One thing that significantly shaped my childhood was a serious accident that happened to my brother and only sibling, Gerard. I was seven and he was five. We were at the intersection in front of our house and I was responsible for him crossing the street. I went across and he came after me. When I looked around, he was flying through the air – he had been hit by a speeding car. He did survive and recover, but he wasn’t the same person after that. It was a very traumatic event in my life, but it also opened the door for me to see the world differently. I could have fallen into the black hole of despair, but instead that’s when I began my faith journey. Soon after that I went to a revival, and the preacher said that there was nothing God had never seen, no problem so insurmountable that He couldn’t solve. And as a seven-year-old that really caught my attention; I walked down the aisle for the invitation [at that revival] while my brother was still in a coma in the hospital. That experience really set me on the path of my faith journey and awakened me to see that every moment of our lives offers a door to new opportunities, and it’s up to us to make something of it.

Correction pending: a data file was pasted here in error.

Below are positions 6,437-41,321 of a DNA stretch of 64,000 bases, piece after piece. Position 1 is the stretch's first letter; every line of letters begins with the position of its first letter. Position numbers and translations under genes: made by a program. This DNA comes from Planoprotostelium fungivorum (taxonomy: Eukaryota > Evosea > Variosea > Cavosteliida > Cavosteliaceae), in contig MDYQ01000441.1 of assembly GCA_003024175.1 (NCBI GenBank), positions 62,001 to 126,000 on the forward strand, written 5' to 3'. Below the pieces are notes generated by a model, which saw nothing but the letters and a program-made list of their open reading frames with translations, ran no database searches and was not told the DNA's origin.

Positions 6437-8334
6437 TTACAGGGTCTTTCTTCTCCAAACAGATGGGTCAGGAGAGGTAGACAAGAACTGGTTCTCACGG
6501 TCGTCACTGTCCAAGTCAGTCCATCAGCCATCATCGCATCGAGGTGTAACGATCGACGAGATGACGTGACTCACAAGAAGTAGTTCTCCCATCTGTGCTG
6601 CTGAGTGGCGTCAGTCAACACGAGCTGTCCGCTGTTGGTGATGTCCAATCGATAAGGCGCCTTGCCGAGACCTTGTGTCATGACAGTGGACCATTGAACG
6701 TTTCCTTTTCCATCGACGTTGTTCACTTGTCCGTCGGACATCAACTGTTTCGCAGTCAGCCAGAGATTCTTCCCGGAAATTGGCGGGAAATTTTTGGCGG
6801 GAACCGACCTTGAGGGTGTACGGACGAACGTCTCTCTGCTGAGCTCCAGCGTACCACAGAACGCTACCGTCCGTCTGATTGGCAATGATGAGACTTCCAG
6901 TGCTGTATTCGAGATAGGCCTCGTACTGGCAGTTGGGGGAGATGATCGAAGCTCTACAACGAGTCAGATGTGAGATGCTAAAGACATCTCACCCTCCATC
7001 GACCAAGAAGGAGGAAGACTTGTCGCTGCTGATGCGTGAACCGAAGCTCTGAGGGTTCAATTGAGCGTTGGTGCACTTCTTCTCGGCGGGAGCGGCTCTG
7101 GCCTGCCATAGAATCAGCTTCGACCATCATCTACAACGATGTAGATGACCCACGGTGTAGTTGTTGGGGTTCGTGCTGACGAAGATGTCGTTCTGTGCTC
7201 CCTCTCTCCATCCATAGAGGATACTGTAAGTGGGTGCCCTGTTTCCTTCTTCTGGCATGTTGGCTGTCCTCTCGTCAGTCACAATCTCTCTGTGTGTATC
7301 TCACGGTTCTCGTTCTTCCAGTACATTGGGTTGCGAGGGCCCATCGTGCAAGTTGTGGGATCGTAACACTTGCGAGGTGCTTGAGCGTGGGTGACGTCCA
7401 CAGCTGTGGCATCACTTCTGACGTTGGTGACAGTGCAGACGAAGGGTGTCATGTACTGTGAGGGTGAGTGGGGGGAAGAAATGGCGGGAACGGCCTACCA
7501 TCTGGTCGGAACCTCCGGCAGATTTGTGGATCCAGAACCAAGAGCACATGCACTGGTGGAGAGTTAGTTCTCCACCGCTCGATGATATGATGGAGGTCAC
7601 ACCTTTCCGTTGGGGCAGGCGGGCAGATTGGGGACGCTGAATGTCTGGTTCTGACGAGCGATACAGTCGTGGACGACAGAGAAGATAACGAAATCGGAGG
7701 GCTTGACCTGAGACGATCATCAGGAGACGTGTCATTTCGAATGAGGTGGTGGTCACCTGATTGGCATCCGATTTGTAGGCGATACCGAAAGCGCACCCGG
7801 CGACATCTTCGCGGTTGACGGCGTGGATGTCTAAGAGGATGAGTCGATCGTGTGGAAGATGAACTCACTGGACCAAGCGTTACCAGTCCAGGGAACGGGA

WACOAN: Who were your early influences or mentors, and how did you develop your sense of social justice?

Boddie: My grandfather – my mother’s father – was a significant influence in my life. He was a deeply spiritual and generous person, a deacon in the church, and his examples of service and generosity really influenced me as I watched him help people in the community. I’d go with him to deliver services in nursing homes, and I remember hearing about him putting savings aside for burial costs for a man in our neighborhood who had no family.

There were other factors that influenced my sense of social justice that I just learned, though not explicitly. My father had a collection of magazines and newspapers on Dr. Martin Luther King Jr. that we were not supposed to delve into, but even so I’d read them and was drawn to Dr. King’s messages. I learned that some things are not easily taught. It’s important to have the intellectual curiosity to seek out life’s most enduring lessons.